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Mitsubishi jet makes airshow debut ahead of dogfight with giants

Boeing and Airbus promote newly acquired smaller aircraft at Farnborough

Clockwise from top, Mitsubishi's MRJ regional jet made an appearance at the Farnborough Airshow, as did Airbus' A220-300 and Embraer's E190-E2. (Photos by Masamichi Hoshi)

FARNBOROUGH, U.K. -- When the Mitsubishi Regional Jet first began development, its two biggest rivals were relatively minor players in the aircraft industry. But 10 years and multiple delays later, Japan's first modern passenger plane finds itself competing in a marketplace being taken over by the twin behemoths Boeing and Airbus.

The MRJ made its maiden appearance at the Farnborough International Airshow, the biennial event that kicked off Monday at Farnborough Airport near London. Emblazoned on the body and tail is the blue-and-white All Nippon Airways logo, symbolizing the distinction Japan's ANA Holdings holds as the jetliner's first customer.

The jet's first appearance at an airshow is meant to demonstrate to airlines that development is going smoothly, and that the first plane will be delivered on time in two years. But five postponements have taken a heavy financial toll on Mitsubishi Aircraft, the MRJ's manufacturer.

Mitsubishi Aircraft's negative net worth more than doubled to 110 billion yen ($979 million) as of the close of fiscal 2017 on March 31. The MRJ has not received any new orders for over a year. On top of that, Eastern Airlines of the U.S. cancelled an order for 40 aircraft in January, lopping off roughly 10% of the jet's entire order book.  

Eastern's cancellation has been attributed to last year's takeover of the airline by American peer Swift Air, and not to the MRJ's delay. In any case, the loss of a customer has frustrated Mitsubishi Aircraft's path to profitability.

Mitsubishi Aircraft, a Mitsubishi Heavy Industries group company, officially announced the latest delay to MRJ deliveries in January 2017, this time to address problems with the system's wiring. Orders were slated to be fulfilled by around the middle of this year, but the target date was pushed back to 2020.

Since the latest delay, the business landscape has shifted drastically. Another plane that took flight at Farnborough is the aircraft once known as Bombardier's C Series jet but now named the Airbus A200. France's Airbus took a majority stake in the Canadian company's C Series business, and rebranded the portfolio.

Airbus had lacked passenger jets that seat around 100 to 150, while Bombardier had been a poor salesman of the C Series, with orders languishing at roughly 400 aircraft. Because Airbus has a vast sales network extending to basically every international airline, as well as ample resources in finances and talent, putting the C Series under the aegis of the European manufacturer gives the jets a potent new lease on life.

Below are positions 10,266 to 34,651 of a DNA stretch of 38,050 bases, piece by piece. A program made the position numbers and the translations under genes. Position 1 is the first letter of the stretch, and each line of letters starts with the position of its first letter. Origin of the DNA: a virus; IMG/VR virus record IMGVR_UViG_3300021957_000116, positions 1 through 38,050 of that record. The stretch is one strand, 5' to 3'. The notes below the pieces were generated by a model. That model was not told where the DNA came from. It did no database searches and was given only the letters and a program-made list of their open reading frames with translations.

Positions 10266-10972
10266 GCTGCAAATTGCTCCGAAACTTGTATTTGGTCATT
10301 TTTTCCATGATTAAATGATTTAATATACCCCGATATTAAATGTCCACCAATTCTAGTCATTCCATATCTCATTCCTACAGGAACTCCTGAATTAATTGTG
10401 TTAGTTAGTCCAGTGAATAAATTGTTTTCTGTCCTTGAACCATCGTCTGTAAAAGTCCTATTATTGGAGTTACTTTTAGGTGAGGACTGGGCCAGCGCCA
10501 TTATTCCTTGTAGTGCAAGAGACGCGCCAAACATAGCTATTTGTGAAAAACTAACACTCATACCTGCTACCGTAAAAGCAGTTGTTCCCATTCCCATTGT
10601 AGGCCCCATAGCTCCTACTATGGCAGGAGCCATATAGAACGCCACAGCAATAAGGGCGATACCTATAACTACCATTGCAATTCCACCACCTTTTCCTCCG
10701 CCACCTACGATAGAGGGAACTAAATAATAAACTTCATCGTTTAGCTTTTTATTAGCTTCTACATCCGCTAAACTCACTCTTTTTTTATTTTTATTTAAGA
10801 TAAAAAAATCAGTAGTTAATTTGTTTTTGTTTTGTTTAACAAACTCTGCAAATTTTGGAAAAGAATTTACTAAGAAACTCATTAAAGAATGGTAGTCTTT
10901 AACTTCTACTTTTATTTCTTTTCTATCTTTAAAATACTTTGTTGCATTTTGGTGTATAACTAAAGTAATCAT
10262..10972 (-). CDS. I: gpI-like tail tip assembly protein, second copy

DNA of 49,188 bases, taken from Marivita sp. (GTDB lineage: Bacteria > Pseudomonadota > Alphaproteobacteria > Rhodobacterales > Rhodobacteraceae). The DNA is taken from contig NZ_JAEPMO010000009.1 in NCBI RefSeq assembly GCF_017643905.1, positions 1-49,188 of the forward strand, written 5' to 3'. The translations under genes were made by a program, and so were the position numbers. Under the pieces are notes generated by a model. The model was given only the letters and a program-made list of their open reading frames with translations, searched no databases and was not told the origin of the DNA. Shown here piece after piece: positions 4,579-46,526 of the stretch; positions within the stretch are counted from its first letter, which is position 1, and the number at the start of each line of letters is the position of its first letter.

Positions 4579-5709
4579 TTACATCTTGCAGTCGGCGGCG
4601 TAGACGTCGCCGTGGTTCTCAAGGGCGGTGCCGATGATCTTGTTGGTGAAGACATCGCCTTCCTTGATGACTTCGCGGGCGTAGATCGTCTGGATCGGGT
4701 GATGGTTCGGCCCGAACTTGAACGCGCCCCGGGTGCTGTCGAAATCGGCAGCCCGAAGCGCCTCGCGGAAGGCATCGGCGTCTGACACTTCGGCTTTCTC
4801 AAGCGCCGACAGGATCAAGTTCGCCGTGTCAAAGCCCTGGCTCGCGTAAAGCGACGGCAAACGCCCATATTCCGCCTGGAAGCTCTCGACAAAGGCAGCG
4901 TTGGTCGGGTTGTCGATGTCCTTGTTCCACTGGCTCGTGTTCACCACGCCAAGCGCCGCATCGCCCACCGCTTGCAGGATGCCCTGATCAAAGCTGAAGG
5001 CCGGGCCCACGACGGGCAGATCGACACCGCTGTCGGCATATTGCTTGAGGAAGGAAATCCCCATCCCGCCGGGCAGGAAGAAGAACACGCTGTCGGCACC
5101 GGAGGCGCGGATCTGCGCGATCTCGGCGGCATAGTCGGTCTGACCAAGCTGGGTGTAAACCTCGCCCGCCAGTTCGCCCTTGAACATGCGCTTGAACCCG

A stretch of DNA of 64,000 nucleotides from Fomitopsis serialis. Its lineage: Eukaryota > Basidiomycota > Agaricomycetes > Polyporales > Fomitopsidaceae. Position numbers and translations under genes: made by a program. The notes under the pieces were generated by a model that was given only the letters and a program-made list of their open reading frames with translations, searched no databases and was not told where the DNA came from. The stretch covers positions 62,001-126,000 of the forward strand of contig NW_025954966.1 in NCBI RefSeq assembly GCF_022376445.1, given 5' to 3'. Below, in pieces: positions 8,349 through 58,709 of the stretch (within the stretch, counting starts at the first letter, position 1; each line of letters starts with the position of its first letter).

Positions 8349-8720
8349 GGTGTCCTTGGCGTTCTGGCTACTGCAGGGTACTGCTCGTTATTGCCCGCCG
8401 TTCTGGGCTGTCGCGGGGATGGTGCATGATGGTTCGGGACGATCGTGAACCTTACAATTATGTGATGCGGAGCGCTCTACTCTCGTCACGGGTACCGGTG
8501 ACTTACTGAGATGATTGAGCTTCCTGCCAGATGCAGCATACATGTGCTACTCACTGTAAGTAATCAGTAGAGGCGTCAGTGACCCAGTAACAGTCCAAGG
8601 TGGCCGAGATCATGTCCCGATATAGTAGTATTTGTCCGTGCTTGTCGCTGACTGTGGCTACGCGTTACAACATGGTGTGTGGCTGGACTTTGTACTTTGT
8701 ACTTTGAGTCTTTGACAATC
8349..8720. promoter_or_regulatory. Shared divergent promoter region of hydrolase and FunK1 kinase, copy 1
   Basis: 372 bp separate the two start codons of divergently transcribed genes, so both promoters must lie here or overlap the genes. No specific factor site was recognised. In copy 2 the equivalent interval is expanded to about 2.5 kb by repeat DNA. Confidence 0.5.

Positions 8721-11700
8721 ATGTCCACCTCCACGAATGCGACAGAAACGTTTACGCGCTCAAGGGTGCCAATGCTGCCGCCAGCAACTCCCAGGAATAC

The  A220 is not considered a direct competitor to the MRJ, which seats fewer than 100 passengers. Mitsubishi Aircraft's main worry is Brazil's Embraer, whose regional jets rival the MRJ on all fronts.

That threat is even greater now. On July 5, Boeing of the U.S. said that it will take over Embraer's 70- to 130-seat commercial aircraft business. However, Boeing is not just MRJ's new rival, it is also a partner. Mitsubishi Aircraft has an existing contract with Boeing under which the American company provides 24-hour customer support to MRJ's client airlines.

Following the MRJ’s debut, Shunichi Miyanaga, president of Mitsubishi Heavy Industries, said at a news conference, “We have a strong relationship with Boeing, built over several decades through the airplane parts business.” 

Miyanaga said the Japanese company has confirmed that the cooperation between the two manufacturers will continue after Boeing announced the purchase of Embraer. He stressed that the two parties “can build friendly relations in the mid-to-long term.”

The rise of budget airlines and burgeoning demand from Asia are fueling the rapid expansion of the passenger aircraft market. In 2037, a projected 39,867 aircraft will be in operation, up 80% from 2017, according to data from Japan Aircraft Development Corp. The biggest growth category will be narrow-body, single-aisle jets with limited seating.

Low-cost carriers, which usually employ smaller aircraft, are expected to gain more momentum, and they are already traveling to more distant destinations and transporting more passengers, encroaching on the domain enjoyed by bigger airlines. Both Boeing and Airbus are looking to get an inside track on this trend by offering lineups of airplanes that encompass all sizes.

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